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1 John 5:16

If anyone sees his brother committing a sin not leading to death, he shall ask, and God will give him life—to those who commit sins that do not lead to death. There is sin that leads to death; I do not say that one should pray for that.

What I mean is like this :

One day, Mr.X say that "my brother committed sin that leads to death".
Then the following condition is interested me, which is : "then we don't have to pray for that"


This question raised because (to me) it seems human won't ever be able to decide that someone committed sin that leads to death ---> the result then there never and have ever occurred when someone tell someone not to pray for any kind of sin.

In fact,
A. I think a faithful and loving person - will never give up to pray for someone (let alone this someone is his brother) no matter how "crazy sick" sin this someone committed.

But reading the verse above,
B. it seems the verse do teach to just give up to pray about it when he/she sees that his/her brother/sister committed sin that leads to death.

My point A contradict point B.

Based on point-B, I need to correct my point A. Which becomes :
C. Although someone is a faithful and loving person, there is a limit where this someone doesn't need to pray if he sees his/her brother/sister committed sin that leads to death.

But still, it seems point-C is useless. Because (I think) it seems impossible that human (let alone the faithful and the loving person) dare enough to decide "oww... he/she committed a mortal sin !".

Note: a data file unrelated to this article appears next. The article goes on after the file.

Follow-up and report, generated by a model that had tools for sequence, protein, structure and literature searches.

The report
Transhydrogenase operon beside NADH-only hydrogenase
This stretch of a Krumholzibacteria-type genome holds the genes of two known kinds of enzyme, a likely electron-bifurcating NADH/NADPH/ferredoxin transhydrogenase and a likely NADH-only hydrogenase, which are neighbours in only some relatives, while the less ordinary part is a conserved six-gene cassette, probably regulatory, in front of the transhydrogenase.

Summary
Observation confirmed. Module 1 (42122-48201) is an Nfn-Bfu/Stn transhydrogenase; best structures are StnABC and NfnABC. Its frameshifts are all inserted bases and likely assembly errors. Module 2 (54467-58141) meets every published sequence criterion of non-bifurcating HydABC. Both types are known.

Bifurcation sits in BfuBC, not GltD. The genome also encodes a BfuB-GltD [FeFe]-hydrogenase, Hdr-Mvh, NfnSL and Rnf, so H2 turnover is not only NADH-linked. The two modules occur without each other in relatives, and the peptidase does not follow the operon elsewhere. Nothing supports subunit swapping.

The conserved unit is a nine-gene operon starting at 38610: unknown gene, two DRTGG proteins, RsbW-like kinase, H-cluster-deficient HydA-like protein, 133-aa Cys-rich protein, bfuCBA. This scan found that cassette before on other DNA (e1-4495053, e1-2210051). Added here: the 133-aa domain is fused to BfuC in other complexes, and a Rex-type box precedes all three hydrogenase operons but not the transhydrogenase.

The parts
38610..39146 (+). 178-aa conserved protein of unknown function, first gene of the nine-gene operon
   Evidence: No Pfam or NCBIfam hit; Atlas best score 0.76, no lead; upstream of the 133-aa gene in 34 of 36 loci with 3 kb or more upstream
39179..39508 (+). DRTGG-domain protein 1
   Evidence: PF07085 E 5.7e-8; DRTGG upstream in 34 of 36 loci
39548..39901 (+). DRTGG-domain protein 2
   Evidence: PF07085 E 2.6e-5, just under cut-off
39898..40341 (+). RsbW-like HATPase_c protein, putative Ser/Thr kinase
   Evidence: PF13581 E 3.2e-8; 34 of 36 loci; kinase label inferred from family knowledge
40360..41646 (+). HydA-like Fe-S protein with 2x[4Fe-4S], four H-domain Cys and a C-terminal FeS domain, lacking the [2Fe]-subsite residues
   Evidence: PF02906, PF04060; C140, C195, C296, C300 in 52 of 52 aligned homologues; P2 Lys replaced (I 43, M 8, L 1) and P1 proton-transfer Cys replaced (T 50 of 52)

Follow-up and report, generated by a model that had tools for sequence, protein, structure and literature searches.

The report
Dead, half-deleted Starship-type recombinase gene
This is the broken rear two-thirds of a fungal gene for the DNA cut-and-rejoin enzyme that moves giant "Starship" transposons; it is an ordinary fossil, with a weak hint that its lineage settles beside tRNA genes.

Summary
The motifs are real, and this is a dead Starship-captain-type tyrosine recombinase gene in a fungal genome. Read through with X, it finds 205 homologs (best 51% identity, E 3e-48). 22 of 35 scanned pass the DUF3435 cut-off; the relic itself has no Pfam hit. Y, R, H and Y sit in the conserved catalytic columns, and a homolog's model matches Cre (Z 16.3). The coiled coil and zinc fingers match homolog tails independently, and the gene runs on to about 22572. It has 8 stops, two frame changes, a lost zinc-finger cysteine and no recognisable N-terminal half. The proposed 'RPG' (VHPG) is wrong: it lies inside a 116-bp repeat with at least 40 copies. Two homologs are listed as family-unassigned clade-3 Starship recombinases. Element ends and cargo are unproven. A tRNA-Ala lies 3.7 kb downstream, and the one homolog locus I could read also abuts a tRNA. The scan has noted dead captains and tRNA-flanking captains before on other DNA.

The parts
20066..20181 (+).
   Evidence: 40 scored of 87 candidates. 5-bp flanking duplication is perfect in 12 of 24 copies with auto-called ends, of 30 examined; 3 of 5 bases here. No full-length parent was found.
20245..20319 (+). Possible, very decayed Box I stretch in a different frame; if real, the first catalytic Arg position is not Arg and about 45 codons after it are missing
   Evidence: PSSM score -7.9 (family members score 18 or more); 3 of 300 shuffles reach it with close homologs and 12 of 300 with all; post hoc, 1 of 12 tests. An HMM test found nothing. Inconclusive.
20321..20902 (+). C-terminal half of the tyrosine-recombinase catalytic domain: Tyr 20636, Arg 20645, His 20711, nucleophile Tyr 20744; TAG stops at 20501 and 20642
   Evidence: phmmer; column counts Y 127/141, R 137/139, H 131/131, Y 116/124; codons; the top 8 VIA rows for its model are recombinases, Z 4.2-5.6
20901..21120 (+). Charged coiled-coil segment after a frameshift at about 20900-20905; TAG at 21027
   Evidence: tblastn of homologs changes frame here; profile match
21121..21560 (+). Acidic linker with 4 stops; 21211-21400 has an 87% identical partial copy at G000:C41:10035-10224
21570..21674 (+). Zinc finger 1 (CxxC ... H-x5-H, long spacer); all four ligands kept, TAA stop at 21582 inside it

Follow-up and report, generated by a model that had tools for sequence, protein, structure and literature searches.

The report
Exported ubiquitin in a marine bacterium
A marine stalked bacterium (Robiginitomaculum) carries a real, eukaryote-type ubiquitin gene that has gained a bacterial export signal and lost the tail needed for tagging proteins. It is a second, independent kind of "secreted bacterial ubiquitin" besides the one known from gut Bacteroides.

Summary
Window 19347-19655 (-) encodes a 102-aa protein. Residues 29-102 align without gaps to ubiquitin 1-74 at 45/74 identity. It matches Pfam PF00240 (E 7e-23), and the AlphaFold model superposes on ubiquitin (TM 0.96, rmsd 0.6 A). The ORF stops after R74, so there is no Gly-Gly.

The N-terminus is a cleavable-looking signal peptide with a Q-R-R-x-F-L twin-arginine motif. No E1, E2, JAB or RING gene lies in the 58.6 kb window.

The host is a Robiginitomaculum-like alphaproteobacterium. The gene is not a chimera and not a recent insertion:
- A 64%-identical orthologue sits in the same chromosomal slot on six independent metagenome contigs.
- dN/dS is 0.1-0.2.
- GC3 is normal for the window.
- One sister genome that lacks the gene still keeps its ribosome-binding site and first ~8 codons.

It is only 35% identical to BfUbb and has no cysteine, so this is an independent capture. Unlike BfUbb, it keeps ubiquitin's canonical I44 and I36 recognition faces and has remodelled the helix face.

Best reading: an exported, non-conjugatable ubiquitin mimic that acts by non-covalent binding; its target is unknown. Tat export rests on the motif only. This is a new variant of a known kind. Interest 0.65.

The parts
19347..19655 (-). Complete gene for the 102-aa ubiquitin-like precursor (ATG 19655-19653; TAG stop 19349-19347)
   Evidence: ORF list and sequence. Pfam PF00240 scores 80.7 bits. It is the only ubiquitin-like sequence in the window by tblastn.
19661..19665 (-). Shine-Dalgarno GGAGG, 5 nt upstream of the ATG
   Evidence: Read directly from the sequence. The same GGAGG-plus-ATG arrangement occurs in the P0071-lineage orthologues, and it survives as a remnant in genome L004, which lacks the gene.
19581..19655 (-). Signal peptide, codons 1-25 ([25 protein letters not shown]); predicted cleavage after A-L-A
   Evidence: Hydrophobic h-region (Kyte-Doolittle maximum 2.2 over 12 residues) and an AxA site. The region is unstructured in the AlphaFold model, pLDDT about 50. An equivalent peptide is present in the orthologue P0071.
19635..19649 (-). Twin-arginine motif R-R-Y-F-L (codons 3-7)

The question is :
Am I correct to think that the verse encourage "yes... you can decide if it's a mortal sin or not".

If I'm wrong, how is the Christian interpretation of this verse regarding my description above ?

Thank you.

PS : I don't put my question to a specific denomination yet. If it can not be answered then I will edit it.


Based from Sola Gratia answer, I have a new verse :

Matthew 18:15

If your brother or sister sins, go and point out their fault, just between the two of you. If they listen to you, you have won them over.

Me : in this stage, it's not useless to pray for him

Matthew 18:16

But if they will not listen, take one or two others along, so that 'every matter may be established by the testimony of two or three witnesses

Me : in this stage, it's still useful to pray for him.

Matthew 18:16

If they still refuse to listen, tell it to the church; and if they refuse to listen even to the church, treat them as you would a pagan or a tax collector

Me : in this stage, this brother committed mortal sin. It's useless to pray for him. In other words, there's no need to hope that God will forgive him - no need to hope him to repent.

So... based on Sola Gratia's answer, does 1 John 5:16 means something like the above situation when a faithful and loving person needs to give up praying for someone ?

Please CMIIW.

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I think that if one attempts to interpret this passage in the context of a taxonomy of sin, wherein some sins are "sins unto death" (e.g. "mortal" sins) and others are not (e.g. "venial" sins), then one will not arrive at a completely sensible meaning.